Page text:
Another problem is that we absorb a large number of chemicals every day, from a wide variety of sources, so that many different chemicals come together in our bodies. And it is not known how they interact! The so-called cocktail or sum effect, however, is scientifically proven to play a significant role in the risk assessment and should be a decisive factor in the development of regulations and “safe” limit values. 

It is the responsibility of governments to protect our health and the environment from harmful chemicals through regulations and laws. In many points, however, regulations are not sufficient – not even in Europe, where REACH, a world-leading chemicals legislation has been implemented, and the precautionary principle should apply. For example, hormonally active substances which are found in many everyday products are not sufficiently taken into account in REACH and other directives.

Many questions remain open for consumers: How can I protect myself? What can I consume as an alternative, and what not? Can I do all this without having to become an expert and complicate my everyday life? The simple and relieving answer to this question is: you do not need to be an expert status, but you need to be proactive: you have to inform yourself. WECF has developed the nest-building program in order to answer questions such as “Which product is the right one?” and to provide consumers with concrete help. 

For selected product groups, the program provides you with concrete, easy-to-implement suggestions regarding:  

  • Body care 
  • Detergents
  • Renovation and furnishing
  • Toys 
  • Textiles

A list of harmful substances helps to avoid them and stay on the safe side safe when shopping. Additionally, we provide advice on product groups for which there is no legal obligation to declare the ingredients and explain how to check if a product is as safe as possible. Politically, we are working to ensure that a declaration obligation is finally implemented.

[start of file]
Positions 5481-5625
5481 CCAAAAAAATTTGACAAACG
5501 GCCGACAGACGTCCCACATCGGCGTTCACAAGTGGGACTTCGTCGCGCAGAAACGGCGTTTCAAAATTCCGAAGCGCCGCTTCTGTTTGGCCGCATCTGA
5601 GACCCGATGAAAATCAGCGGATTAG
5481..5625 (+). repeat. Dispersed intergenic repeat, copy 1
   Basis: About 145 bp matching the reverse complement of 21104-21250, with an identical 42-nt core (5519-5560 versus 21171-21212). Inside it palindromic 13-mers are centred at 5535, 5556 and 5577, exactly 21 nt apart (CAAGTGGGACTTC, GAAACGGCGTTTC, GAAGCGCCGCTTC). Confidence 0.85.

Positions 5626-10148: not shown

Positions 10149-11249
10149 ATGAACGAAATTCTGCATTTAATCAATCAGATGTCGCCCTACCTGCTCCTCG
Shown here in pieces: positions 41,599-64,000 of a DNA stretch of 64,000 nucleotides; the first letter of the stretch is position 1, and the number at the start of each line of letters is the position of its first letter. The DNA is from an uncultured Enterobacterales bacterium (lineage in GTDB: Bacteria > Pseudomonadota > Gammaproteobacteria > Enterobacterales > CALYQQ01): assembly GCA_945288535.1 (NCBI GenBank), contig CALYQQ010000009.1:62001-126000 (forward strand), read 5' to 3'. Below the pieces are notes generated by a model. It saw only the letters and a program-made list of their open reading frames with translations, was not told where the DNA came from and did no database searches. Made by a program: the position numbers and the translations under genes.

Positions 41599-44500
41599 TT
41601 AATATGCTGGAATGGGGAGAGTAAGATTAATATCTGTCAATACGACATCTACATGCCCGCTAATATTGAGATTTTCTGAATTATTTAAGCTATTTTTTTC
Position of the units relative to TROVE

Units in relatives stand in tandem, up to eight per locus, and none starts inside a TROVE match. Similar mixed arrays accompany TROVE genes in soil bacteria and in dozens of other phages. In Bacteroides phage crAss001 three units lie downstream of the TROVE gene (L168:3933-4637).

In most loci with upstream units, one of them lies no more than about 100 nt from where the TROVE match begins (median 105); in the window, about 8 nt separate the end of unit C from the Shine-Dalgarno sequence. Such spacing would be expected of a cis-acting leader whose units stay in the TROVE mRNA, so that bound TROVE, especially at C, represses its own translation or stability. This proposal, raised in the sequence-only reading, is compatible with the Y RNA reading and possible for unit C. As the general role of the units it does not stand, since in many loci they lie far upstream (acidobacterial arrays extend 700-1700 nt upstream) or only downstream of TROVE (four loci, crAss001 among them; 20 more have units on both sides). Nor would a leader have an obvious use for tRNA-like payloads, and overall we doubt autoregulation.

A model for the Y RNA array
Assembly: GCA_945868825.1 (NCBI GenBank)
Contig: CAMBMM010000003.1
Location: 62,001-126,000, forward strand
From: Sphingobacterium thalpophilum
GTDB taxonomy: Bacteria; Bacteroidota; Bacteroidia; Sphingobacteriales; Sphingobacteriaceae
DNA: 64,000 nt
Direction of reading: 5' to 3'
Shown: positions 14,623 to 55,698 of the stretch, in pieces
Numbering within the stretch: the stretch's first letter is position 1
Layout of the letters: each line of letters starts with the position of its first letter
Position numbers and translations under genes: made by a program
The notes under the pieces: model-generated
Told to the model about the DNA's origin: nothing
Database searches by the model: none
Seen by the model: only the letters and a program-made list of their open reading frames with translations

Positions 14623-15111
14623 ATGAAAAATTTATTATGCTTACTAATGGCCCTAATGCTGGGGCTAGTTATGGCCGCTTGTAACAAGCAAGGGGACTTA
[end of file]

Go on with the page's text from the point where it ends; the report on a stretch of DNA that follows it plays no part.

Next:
In addition to the www.nestbau.info website, the entire nest-building package consists of, the brochure ” Beware! Toxic Chemicals in everyday life”, the app “giftfrei einkaufen” (shop without toxics – in German), a postcard or flyer as well as numerous compact guides on toys, hormone-like acting chemicals, care products, etc. The material is available in English and many other languages such as German, French, Dutch, Turkish and also Chinese. 

As briefly mentioned In the beginning, the SAICM process is intended to continue on the path to sustainable chemicals management globally in the future. SAICMs “Chemical in Products” (CiP) program is particularly important for consumers: according to the program, information about which chemical is contained in which product should be accessible, and at least regulated chemicals that are attributed potential health hazards should be labelled.

WECF is working with a number of other NGOs at the national and international level to implement the CiP programme. However, practice still lags far behind what is needed. In the meantime, it is all the more important to inform yourself and to shop as toxic-free as possible, for example with the help of www.nestbau.info.

Resources for further information:

https://www.figo.org/

https://academic.oup.com/endo/article/160/6/1421/5473530

https://noharm-uscanada.org/sites/default/files/documents-files/51/Body_Burden_in_Newborns.pdf

https://www.researchgate.net/publication/331794876_Environmental_toxins_and_the_impact_of_other_endocrine_disrupting_chemicals_in_women%27s_reproductive_health

https://ipen.org/sites/default/files/documents/ipen-intro-edc-v1_9a-en-web.pdf